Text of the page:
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National Healthy Housing Standard

National Healthy Housing Standard

Authors: National Center for Healthy Housing and the American Public Health Association

Read the full resource: http://www.nchh.org/Portals/0/Contents/NHHS_Full_Doc.pdf

Excerpt

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Technologically Enhanced Naturally Occurring Radioactive Materials on Oil and Gas Sites

Technologically Enhanced Naturally Occurring Radioactive Materials on Oil and Gas Sites

Author: Don Garvey, CIH, CSP, CHMM
Occupational Health & Safety (June 2014)

Read the full article: http://ohsonline.com/Articles/2014/06/01/Technologically-Enhanced-Naturally-Occurring-Radioactive-Materials-on-Oil-and-Gas-Sites.aspx?Page=1

Excerpt

The National Institute for Occupational Safety and Health (NIOSH) has identified several potential occupational health risks on oil and gas well sites. These include noise, silica, hydrocarbons, and also ionizing radiation hazards in the form of technologically enhanced naturally occurring radioactive materials (TENORM).

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Radium in Community Water Systems

The Centers for Disease Control's "Quick Reports" section provides information on the radium content in drinking water. Information available includes:

  • Distribution of number of community water systems (CWS) by mean Radium concentrations (picoCuries/per liter) by year.
  • Distribution of number of people served by community water systems (CWS) by mean Radium concentrations (picoCuries per liter) by year.
  • Distribution of number of community water systems (CWS) by maximum Radium concentrations (picoCuries per liter) by year.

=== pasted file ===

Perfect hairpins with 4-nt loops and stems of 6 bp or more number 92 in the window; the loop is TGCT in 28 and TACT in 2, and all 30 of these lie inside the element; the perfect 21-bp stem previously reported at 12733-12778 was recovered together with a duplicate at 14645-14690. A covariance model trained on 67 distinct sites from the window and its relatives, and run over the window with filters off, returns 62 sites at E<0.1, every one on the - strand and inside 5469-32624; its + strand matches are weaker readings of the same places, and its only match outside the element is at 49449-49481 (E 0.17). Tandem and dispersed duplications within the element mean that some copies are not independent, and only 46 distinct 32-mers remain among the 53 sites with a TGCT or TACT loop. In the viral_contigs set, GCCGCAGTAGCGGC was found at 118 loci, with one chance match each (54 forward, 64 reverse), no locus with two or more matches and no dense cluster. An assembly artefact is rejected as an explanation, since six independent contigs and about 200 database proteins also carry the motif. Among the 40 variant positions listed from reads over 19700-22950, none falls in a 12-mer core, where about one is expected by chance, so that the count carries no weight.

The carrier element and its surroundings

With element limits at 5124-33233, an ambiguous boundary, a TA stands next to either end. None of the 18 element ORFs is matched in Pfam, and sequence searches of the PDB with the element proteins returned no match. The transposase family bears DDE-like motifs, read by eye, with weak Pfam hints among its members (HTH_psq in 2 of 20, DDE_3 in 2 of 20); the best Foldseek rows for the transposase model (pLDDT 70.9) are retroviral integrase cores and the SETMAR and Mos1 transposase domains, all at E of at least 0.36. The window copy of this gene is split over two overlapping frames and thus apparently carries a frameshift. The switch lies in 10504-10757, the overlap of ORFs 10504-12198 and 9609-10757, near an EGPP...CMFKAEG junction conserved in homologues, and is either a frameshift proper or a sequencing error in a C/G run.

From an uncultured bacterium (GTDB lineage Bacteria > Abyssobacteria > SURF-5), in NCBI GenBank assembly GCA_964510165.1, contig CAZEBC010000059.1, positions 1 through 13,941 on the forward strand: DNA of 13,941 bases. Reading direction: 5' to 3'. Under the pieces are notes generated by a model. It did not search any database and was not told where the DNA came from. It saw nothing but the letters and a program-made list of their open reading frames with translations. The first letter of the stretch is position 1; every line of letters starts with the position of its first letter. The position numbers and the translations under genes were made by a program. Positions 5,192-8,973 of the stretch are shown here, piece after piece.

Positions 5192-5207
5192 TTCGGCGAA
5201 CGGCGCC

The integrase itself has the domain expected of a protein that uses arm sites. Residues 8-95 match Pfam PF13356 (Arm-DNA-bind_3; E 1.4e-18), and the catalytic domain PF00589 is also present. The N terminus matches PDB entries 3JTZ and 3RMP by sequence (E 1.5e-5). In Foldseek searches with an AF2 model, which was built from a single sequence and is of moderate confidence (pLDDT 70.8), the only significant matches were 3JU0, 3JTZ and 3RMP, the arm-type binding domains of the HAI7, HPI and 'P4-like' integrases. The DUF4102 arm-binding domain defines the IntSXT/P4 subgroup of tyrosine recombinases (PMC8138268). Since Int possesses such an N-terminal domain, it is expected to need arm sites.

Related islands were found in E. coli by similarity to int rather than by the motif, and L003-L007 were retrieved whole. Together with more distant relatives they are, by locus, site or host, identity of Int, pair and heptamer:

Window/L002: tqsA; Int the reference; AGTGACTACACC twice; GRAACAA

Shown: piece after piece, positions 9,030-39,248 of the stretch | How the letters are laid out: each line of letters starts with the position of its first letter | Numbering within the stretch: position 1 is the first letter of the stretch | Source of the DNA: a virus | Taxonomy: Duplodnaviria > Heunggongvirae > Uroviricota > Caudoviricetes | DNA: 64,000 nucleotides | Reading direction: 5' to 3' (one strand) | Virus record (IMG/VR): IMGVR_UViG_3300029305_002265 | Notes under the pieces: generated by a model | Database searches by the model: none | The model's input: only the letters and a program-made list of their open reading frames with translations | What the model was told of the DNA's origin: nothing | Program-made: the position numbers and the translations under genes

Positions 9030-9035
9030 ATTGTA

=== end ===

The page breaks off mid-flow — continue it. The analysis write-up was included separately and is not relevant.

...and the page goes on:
• Mean concentration of Radium (picoCuries per liter) by year.

Access the resource here. Contaminants are listed in alphabetical order. The report on radium appears two-thirds of the way down the page.

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Promising Practices Brief: How to Reduce Radon in Homes

Promising Practices Brief: How to Reduce Radon in Homes

The Centers for Disease Control and Prevention (CDC) recently posted a brief about radon policy on its website: http://www.cdc.gov/cancer/dcpc/prevention/policies_practices/radon/

This brief offers a valuable summary of existing radon policies. Visit the above web link to view the brief and related resources about radon, radon testing, and mitigation.

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Radon Control Activities for Lung Cancer Prevention in National Comprehensive Cancer Control Program Plans, 2005-2011

Radon Control Activities for Lung Cancer Prevention in National Comprehensive Cancer Control Program Plans, 2005-2011

Authors: Neri, A., Stewart, S., Angell, W. (2013)
Centers for Disease Control and Prevention (CDC) - Preventing Chronic Disease: Public Health Research, Practice, and Policy, Volume 10, 1-9.

Read the full article: http://www.cdc.gov/pcd/issues/2013/pdf/12_0337.pdf

Abstract
Introduction

Vermont Radon, Smoking & Lung Cancer Data Explorer

The Vermont Department of Health's Agency of Human Services conducts environmental health tracking to better understand the relationship between human and environmental health.

The Department of Health has developed the Vermont Radon, Smoking & Lung Cancer Data Explorer enables Vermonters to discover information about radon, smoking, and lung cancer risks (and the relationships among these three risks) in their communities.

Use the Data Explorer Now: http://webmail.vdh.state.vt.us/vttracking/RSLC1/?indicator=i2&indicator2=i1

Learn more about radon and smoking risks on the Vermont Department of Health website: http://www.healthvermont.gov/tracking/rslc.aspx#factsheet